Unit 27 Post-Production...................................228
Unit 27 Video Example
Pictures 27.1-2....................................233
Unit 28 Surround Sound....................................234
Unit 29 Studio Integration................................240
Unit 29 Pictures 29.1-4............................247
Unit 30 Final Review......................................249
Final Examination.........................................253
Final Examination Answers..........................258
APPENDIX
Additional Materials............................................263
BIBLIOGRAPHY...........................................................264
Music and Recording Magazines...................................265
Music and Recording Books.......................................266
x


CHAPTER 1
INTRODUCTION
This introduction discusses the problems that necessitate a comprehensive
course on music and recording, four student groups of focus, the solution that
describes the course and its goals, and finally the methodology of how this course is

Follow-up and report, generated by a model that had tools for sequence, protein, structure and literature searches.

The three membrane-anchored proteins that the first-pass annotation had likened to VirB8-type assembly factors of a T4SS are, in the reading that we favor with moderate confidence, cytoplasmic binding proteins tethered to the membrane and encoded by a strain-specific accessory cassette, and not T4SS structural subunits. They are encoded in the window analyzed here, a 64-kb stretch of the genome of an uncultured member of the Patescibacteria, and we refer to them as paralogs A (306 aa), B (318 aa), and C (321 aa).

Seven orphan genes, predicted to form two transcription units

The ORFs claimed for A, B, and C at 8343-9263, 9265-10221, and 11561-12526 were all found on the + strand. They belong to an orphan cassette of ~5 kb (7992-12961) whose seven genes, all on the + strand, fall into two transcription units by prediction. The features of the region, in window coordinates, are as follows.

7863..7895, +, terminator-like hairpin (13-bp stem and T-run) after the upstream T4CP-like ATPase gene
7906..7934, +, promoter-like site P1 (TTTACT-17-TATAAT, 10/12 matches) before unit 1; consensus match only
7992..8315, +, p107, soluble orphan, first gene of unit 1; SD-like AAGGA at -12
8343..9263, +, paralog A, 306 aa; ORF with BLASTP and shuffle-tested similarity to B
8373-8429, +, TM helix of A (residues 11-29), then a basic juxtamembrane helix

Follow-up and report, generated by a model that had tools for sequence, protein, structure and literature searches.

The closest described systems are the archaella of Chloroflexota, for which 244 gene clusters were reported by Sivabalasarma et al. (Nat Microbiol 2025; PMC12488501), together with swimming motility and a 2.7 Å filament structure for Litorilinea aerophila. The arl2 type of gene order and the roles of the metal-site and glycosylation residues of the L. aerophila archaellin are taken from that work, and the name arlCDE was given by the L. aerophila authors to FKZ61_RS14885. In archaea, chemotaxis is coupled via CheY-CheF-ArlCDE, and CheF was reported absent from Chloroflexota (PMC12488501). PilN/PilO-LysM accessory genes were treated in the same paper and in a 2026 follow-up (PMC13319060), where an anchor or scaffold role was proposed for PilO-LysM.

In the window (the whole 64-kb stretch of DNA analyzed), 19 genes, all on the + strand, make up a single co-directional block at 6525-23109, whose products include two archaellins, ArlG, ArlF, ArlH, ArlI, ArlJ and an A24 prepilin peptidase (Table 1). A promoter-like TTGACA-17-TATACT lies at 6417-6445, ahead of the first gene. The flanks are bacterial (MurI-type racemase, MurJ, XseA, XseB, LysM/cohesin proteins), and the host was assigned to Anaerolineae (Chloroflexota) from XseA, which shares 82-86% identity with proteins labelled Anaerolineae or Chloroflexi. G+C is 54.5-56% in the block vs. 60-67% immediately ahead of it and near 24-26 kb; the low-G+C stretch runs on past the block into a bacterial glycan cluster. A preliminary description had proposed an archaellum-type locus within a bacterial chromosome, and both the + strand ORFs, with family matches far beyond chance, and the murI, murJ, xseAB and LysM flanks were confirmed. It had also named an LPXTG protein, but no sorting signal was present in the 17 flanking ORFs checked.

taught.
The Problem
With limited options, limited resources, and higher expectations students who
desire to build and utilize a project studio have to sift through confusion, lies, and
misconception in order to achieve their goals. The following experiences,
circumstances, and dynamics demonstrate the need for a comprehensive introductory
course on music and recording.
University Experience (BYU)
I worked as a studio technician during my undergraduate work at Brigham
Young University. The studio that I maintained was designed to support two
songwriting classes, a media composing/production class, and a film scoring class.
Therefore the studio was very MIDI oriented. A great deal of my effort was focused
towards training the beginning songwriting students on the use of the studio. This


experience led to many friendships, wonderful opportunities to teach, and the idea for